Miceli, Sears Exchange Accusations During Debate At Tewksbury High
From a Tewksbury Hospital land deal to credit for local projects, rivals revealed longstanding animosity.
If anyone believed Tewksbury Selectman Doug Sears and state Rep. Jim Miceli might be exchanging Christmas cards this holiday season, those thoughts were dispelled after Wednesday night's debate at Tewksbury High School.
The two candidates for the 19th Middlesex District (Tewksbury and Wilmington) seat, traded barbs and accusations throughout the debate, which was sponsored by the Lowell Sun, along with media partners, the Town Crier, Wilmington Patch and Tewksbury Patch.
Miceli, D-Wilmington, displayed the familiar campaign ferocity that has helped him win 18 terms in the State Legislature. But Sears, the GOP challenger making his first run for state office, gave as good as he got and the exchanges prompted several warnings from moderator Tom Zuppa for the men to keep the precedings civil.
Sears, a former member of the Tewksbury Hospital Board of Trustees, blasted Miceli for his role in a proposed land deal in 2001 which would have allowed Tewksbury developer John Sullivan take possession of 19 acres of hospital land to build an apartment complex.
Miceli shot back that he was acting at the behest of the five-member hospital board.
"It had nothing to do with me other than acting on the request of the Board of Trustees," saidd Miceli. "See, the vote was 4-1. He (Sears) opposed it. But I was doing what the board asked me to do. He (Sears) has a hard time with the truth. He's treading on very thin ice questioning my integrity."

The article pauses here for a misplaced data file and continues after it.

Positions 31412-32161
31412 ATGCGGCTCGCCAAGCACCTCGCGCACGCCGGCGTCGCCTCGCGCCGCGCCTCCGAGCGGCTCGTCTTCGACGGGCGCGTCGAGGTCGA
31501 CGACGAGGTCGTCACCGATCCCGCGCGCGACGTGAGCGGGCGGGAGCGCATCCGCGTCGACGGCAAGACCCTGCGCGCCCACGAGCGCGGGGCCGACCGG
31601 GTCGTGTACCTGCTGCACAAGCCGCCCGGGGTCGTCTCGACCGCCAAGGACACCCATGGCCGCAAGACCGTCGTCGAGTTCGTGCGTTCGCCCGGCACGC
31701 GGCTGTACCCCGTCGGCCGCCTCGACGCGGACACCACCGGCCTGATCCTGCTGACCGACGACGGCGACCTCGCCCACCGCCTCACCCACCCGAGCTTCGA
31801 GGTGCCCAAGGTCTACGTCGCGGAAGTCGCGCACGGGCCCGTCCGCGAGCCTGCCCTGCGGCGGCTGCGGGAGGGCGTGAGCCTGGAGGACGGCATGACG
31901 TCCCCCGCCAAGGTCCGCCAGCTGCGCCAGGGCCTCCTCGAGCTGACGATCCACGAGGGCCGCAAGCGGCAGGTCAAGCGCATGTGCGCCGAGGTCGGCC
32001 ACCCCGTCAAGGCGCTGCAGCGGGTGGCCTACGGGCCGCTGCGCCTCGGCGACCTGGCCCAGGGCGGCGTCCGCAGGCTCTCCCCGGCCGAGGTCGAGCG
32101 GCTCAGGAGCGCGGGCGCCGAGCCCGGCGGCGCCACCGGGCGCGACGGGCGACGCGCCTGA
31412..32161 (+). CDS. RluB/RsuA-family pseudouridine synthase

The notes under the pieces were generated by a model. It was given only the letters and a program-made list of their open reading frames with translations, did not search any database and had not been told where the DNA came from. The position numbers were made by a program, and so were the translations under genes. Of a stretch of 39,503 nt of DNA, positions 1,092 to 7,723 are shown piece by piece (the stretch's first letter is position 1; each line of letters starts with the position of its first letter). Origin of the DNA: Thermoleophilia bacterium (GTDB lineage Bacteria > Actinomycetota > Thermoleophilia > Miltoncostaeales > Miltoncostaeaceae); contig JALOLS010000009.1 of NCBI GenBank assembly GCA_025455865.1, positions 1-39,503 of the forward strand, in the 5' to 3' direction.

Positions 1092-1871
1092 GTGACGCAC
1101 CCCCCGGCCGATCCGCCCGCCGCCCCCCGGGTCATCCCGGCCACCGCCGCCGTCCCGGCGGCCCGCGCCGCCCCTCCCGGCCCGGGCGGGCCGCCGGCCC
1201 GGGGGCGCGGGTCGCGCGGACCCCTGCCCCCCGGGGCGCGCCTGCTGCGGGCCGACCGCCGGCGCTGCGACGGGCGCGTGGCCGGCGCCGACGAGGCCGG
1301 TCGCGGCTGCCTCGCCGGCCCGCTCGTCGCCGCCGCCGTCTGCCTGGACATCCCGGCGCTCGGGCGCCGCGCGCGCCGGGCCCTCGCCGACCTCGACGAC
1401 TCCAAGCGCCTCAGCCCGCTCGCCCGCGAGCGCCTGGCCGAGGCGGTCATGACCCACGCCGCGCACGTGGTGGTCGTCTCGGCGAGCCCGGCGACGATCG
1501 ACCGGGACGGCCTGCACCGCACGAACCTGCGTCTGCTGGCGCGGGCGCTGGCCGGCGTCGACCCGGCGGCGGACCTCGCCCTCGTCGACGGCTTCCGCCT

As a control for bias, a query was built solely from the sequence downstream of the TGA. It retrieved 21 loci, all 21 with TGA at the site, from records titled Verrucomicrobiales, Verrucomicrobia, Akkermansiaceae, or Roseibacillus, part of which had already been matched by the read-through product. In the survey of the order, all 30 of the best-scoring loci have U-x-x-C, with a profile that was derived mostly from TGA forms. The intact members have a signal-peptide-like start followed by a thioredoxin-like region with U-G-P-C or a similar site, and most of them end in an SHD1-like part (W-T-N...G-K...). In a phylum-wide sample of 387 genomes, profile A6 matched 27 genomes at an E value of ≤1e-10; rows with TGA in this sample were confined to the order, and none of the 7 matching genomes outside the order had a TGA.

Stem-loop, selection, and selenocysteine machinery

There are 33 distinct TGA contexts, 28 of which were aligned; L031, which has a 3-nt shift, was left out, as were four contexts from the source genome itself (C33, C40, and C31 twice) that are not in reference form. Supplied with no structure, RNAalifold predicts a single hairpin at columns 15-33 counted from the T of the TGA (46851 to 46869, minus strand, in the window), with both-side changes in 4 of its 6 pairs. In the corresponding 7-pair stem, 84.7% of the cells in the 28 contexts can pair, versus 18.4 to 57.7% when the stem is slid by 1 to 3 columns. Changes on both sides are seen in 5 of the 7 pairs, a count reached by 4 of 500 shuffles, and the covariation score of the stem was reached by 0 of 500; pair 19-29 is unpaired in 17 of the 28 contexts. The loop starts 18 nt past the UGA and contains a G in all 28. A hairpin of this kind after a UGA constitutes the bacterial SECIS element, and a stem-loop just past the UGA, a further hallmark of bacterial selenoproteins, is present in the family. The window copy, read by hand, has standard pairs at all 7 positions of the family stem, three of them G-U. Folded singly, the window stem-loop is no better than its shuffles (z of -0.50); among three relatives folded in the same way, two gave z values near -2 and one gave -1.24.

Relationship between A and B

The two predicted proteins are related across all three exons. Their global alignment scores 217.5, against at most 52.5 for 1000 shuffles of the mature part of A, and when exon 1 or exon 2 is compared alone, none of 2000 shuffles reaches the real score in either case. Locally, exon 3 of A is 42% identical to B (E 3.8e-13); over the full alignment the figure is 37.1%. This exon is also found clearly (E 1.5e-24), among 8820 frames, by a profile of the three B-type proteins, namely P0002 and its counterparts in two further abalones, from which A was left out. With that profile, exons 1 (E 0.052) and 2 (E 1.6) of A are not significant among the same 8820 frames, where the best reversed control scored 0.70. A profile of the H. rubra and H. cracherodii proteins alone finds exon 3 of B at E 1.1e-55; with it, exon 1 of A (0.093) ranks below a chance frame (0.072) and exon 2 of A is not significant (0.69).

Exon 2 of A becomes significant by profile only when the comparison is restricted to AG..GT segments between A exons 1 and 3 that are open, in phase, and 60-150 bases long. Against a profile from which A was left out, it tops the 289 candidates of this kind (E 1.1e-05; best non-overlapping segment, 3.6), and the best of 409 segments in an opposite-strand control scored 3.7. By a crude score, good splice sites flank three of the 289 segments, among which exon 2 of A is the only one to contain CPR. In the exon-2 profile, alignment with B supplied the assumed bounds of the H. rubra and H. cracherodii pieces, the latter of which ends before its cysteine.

For his part, Miceli made an effort to place blame for Tewksbury's high water and sewer rates at the feet of Sears. He pointed out that Sears was on the Tewksbury Board of Selectmen at the time the $100 million project to bring sewer to the entire town was passed. He called the actions of the selectmen in not bringing the project to a ballot vote "sheer skullduggery."
"That (project) was approved by a town meeting vote," replied Sears. "Apparently, he (Miceli) doesn't understand how Town Meeting works."
Ironically, Jerry Selissen, who was chairman of the Tewksbury Board of Selectmen at the time of the sewer project approval, recently endorsed Miceli in a Letter to the Editor.
Sears also accused Miceli of spending more time in Tewksbury than Wilmington because Tewksbury has more voters, a charge Miceli vehemently denied.
One issue the two men did agree on was the protests and appeals by residents that have stalled the new Wilmington High School project. Miceli called the appeals "frivolous" and were costing the town money. Sears said he respected the right of citizens to protest but that it was important for the project to move forward.
When not attacking each other, the two men repeated familiar campaign themes. Miceli touted his record for constituent service and availability to members of the community. He noted his involvement with Tewksbury projects such as the library and the new high school.
Sears said he was running because the economy and the Legislature are broken and need to be fixed.
"My major goals are jobs, the economy and increasing local aid," he said.
The media panel asking questions of the candidates included Lowell Sun Editor Jim Campanini, Town Crier Editor Jayne Miller and Wilmington Patch Editor Matt Schooley.